Getting started with TBB

I downloaded the TBB documentation and the Commercial Aligned Release. First, I unpacked the source archive (tbb20_014oss_src.tar.gz) into the directory C:\llpanorama\TBB. Then I unpacked the Windows binaries (tbb20_014oss_win.tar.gz) and copied its ia32 subdirectory into the top level of the source directory.

At this point, I created the environment variable TBB20_INSTALL_DIR and set it to C:\llpanorama\TBB\tbb20_014oss_src.  I needed to do this manually to get TBB working under Vista.

I downloaded and installed the free Visual C++ 2005 Express Edition to use with TBB. After installing that, I downloaded and installed the Microsoft Assembler which is also needed to build TBB. Because the Visual C++ 2005 Express Edition only supports .NET applications by default, I also needed to install the Microsoft Platform SDK so I could create Win32 applications. Don’t neglect to do the things listed in steps 3, 4 and 5 after installing the SDK! I also wanted to be able to use the VC++ compiler from the command line, so I used the paths from step 3 to modify the PATH, INCLUDE and LIB variables in the C:\Program Files\Microsoft Visual Studio 8\Common7\Tools\vsvars32.bat file as shown below. (I know you can’t see the entire line, but you can select-copy-paste them into your own vsvars32.bat file and you should get all of it.)

@set PATH=C:\Program Files\Microsoft Visual Studio 8\Common7\IDE;C:\Program Files\Microsoft Visual Studio 8\VC\BIN;C:\Program Files\Microsoft Visual Studio 8\Common7\Tools;C:\Program Files\Microsoft Visual Studio 8\SDK\v2.0\bin;C:\WINDOWS\Microsoft.NET\Framework\v2.0.50727;C:\Program Files\Microsoft Visual Studio 8\VC\VCPackages;C:\Program Files\Microsoft Platform SDK for Windows Server 2003 R2\Bin;%PATH%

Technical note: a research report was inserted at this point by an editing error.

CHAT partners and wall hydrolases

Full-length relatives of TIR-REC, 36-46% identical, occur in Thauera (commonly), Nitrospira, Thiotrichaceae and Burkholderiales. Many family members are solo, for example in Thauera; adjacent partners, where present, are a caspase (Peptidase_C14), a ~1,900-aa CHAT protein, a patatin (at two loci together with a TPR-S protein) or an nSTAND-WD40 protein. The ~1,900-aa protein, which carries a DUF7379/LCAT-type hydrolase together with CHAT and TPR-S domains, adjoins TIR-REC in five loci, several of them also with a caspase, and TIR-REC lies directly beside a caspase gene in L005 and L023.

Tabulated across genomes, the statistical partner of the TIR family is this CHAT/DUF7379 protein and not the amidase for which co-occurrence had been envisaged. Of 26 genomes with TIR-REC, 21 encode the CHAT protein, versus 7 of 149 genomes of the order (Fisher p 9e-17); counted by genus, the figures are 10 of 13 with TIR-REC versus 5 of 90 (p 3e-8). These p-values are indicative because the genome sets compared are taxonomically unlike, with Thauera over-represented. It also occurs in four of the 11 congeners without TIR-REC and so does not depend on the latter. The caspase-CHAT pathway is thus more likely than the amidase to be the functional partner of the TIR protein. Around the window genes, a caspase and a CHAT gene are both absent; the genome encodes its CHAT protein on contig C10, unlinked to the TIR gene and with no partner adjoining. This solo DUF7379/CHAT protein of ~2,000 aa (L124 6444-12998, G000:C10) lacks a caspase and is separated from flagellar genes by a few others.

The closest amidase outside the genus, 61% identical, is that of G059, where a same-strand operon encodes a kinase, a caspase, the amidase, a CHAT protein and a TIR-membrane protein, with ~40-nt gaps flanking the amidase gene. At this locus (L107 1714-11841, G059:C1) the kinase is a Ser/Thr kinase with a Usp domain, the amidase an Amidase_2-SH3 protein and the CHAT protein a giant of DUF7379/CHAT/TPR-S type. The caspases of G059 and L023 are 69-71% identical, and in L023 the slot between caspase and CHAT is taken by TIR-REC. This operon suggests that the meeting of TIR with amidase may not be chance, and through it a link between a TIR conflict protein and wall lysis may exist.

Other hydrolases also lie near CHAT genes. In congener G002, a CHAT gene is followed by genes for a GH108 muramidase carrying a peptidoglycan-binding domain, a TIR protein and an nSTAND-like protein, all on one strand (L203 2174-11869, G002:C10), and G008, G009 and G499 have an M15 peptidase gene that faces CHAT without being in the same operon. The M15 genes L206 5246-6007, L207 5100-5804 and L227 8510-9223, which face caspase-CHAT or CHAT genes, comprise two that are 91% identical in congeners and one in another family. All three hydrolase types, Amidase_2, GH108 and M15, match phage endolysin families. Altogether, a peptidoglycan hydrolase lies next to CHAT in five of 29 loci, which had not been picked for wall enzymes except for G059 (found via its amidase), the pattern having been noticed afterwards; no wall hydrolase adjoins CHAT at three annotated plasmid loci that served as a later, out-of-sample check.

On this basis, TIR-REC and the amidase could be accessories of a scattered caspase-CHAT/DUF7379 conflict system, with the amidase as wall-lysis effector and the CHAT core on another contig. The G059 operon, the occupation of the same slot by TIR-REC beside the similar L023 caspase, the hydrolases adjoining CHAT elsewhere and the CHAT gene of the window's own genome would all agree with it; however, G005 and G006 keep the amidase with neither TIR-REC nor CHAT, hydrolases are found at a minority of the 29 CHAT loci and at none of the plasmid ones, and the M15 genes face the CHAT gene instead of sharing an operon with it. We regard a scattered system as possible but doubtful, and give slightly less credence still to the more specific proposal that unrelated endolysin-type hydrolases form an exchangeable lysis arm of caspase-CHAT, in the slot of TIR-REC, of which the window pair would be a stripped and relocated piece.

@set INCLUDE=C:\Program Files\Microsoft Visual Studio 8\VC\INCLUDE;C:\Program Files\Microsoft Platform SDK for Windows Server 2003 R2\Include;%INCLUDE%
@set LIB=C:\Program Files\Microsoft Visual Studio 8\VC\LIB;C:\Program Files\Microsoft Visual Studio 8\SDK\v2.0\lib;C:\Program Files\Microsoft Platform SDK for Windows Server 2003 R2\Lib;%LIB%

I also installed MinGW make (version 3.80) on my system so I could run the TBB makefile.

After all that was installed and patched together, I went to the C:\llpanorama\TBB\tbb20_014oss_src directory, opened a command window and issued the commands:

C:> vsvars32.bat
C:> make

The first command initialized all the environment variables for the command-line version of the VC++ compiler. The second started the build process for the TBB libraries and then compiled and ran a suite of test programs. This completed without any errors, so I figured I’d set up everything correctly.

Next, I read the Getting Started Guide for TBB and it described how to build an example application. Rather than type all that in, I just jumped to the directory for this example at …\tbb20_014oss_src\examples\GettingStarted\sub_string_finder\vc8. Double-clicking the sub_string_finder.sln file brought up the VC++ 2005 window. I built the sub_string_finder project and ran it successfully.

So now I’m ready to begin using TBB.

About dave_vandenbout
President of XESS Corp, a manufacturer of FPGA development boards.

4 Responses to Getting started with TBB

  1. Pingback: Upgrading to tbb20_017oss « /// Parallelism Panorama ///

  2. llpanorama says:

    Thanks for the mention on your blog, Kevin!

    Hopefully this entry will save some people from following the blind alleys I did. For example, I started with VC++ 2008 Express Edition but the make process aborted because the Microsoft assembler was missing. When I downloaded MASM, I found it requires VC++ 2005 before it will install. So I had to backtrack, download and install VC++ 2005. That took hours. Stuff like that really sucks the enthusiasm out of you when you’re trying to start something new…

  3. Pingback: Intel® Software Network Blogs » Nice Tutorial: Getting Started with TBB on Windows

  4. Nice tutorial! I’m going to point people to it from my own TBB blog.

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